MILAN (Reuters) - Italy’s biggest bank UniCredit on Tuesday launched the sale of a 17 percent stake in online brokerage business FinecoBank as part of efforts to bolster the group’s financial strength.
UniCredit stands to make a big capital gain on the placing of just under half its holding in Fineco. UniCredit’s total stake of 35.35 percent has a market value of 2.4 billion euros ($2.7 billion) and a book value of 981 million euros.
UniCredit flagged the possible stake sale early on Tuesday and later said it had begun the process to place the shares with investors, known as an accelerated book build.
It said the sale was part of planned asset disposals designed to ensure the bank would meet a target of being at the upper end of a 200-250 basis points core capital buffer it wants to maintain over and above regulatory requirements.
In recent months, UniCredit took a hit on its Turkish assets and paid to settle an Iran sanctions case with Washington, ending 2018 with a core capital ratio of 12.07 percent, down from 13.6 percent a year earlier.
The bank will also gradually reduce its exposure to Italian government bonds and cut its bad loan portfolio to exceed a 2019 target for a reduction of 14.9 billion euros in soured debts at its so-called non-core unit.
High domestic bond holdings have eaten into the capital base of Italian banks over the past year due to a high spread between Italian and German government bonds.
Russell Quelch, financials analyst at Redburn, said the plan could revive concerns over capital pressure on the bank.
“However, this decision does seem more strategic than forced as UniCredit are currently on course to meet management capital targets” of a 2019 core capital ratio of 12-12.5 percent, he added.
To ensure Fineco will not be penalised by the sale, UniCredit will provide a financial guarantee to allow Fineco to gradually eliminate by 2024 an 8.3 billion euro portfolio of UniCredit bonds it currently holds.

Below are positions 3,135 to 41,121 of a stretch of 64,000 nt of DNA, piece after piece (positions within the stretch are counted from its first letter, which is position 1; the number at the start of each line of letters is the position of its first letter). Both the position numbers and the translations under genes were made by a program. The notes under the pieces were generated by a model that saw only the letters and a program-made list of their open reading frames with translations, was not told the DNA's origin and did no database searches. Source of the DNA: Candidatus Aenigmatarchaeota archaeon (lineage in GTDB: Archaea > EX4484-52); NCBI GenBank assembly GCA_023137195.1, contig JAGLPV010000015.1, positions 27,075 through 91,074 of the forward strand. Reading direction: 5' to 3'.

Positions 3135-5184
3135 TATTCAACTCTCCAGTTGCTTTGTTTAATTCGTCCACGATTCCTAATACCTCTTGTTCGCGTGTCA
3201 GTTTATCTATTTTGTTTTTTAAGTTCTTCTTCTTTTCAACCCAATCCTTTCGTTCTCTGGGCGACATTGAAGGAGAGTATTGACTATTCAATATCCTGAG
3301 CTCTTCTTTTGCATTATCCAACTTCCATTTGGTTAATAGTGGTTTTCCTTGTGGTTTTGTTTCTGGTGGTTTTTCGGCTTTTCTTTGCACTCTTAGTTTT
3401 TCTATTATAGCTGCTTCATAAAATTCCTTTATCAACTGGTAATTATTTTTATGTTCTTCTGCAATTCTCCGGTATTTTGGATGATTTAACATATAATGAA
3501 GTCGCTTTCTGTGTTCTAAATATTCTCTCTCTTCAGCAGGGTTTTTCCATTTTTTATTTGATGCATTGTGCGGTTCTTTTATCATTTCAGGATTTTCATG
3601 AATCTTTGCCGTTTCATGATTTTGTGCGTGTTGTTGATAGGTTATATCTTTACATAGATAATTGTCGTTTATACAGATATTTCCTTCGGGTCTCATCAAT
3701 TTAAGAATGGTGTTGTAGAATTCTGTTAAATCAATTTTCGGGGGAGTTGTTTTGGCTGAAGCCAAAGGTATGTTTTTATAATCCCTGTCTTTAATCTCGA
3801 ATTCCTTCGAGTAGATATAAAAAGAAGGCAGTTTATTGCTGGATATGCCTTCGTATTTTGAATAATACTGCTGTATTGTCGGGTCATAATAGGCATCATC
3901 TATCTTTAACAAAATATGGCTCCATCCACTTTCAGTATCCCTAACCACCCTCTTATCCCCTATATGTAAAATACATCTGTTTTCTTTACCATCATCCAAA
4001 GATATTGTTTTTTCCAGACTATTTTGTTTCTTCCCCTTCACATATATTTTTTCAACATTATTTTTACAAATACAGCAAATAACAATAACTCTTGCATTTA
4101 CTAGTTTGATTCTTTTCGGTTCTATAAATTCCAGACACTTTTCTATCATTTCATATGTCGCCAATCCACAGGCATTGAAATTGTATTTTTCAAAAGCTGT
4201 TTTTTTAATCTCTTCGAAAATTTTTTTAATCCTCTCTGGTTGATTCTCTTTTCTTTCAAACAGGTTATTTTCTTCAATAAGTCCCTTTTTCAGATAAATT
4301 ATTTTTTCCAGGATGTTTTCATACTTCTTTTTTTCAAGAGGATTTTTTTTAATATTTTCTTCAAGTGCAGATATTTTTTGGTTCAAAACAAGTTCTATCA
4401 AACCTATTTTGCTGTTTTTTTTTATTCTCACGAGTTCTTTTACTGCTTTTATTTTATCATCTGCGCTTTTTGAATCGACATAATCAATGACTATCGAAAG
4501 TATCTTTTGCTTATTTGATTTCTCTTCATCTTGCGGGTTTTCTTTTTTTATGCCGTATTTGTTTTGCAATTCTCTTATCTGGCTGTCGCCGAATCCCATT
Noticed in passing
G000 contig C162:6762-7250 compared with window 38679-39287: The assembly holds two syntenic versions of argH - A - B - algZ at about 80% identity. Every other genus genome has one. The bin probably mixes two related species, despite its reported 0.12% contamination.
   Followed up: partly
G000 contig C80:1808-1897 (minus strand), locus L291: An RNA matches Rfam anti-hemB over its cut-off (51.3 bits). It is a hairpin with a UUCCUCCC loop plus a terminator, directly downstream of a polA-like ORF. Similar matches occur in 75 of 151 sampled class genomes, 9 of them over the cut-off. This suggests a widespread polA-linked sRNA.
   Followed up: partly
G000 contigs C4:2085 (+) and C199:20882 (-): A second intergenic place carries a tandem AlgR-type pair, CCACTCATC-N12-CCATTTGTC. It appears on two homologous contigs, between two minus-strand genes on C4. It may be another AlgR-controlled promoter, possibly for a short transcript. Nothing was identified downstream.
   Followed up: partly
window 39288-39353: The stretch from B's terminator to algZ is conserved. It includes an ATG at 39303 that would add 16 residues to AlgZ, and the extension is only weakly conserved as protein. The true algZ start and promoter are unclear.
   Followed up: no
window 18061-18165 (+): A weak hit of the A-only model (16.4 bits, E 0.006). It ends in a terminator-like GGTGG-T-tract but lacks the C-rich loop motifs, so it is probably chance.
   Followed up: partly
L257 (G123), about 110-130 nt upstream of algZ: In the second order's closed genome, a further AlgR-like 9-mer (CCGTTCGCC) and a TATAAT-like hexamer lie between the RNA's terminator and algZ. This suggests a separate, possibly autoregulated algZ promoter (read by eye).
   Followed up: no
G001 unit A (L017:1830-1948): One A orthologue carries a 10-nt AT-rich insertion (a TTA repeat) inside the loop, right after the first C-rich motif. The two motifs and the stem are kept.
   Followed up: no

Fineco would continue to replace the UniCredit bonds with government bonds as they came to maturity. In the meantime, the guarantee would allow Fineco to continue not having to set aside capital to offset its exposure to UniCredit, even if they were no longer part of the same group.
UniCredit is under pressure to increase revenues after focusing on cost cuts in recent years.
Like other Italian banks, it is suffering from political instability in the euro zone’s third-biggest economy, whose populist government is struggling to kick-start growth.
Though news of the stake sale weighed on Fineco shares, which lost 7.5 percent on Tuesday to close at 10.25 euros, analysts said a split from UniCredit would be positive in the long run for the business, which currently enjoys limited synergies with the rest of the group.
“Fineco is a profitable, well run, successful and low capital intensive business,” Citi analysts said. “We believe that a fully independent Fineco can accelerate its organic growth.”
CEO Jean Pierre Mustier started reducing the bank’s stake in Fineco when he arrived at UniCredit in mid-2016 with a mandate to beef up the bank’s capital strength and turn it around.
Mustier sold a 10 percent stake in Fineco for 328 million euros in July 2016 and a further 20 percent for 552 million euros in October of the same year.
The French investment banker, who analysts think has been preparing UniCredit for a merger by selling off bad loans and raising capital, will present a new business plan in December.
UniCredit is at the centre of speculation on cross-border mergers as a potential suitor for Commerzbank following the collapse of the German bank’s merger talks with Deutsche Bank.
Additional reporting by Helen Reid in London; Editing by Mark Potter and Jane Merriman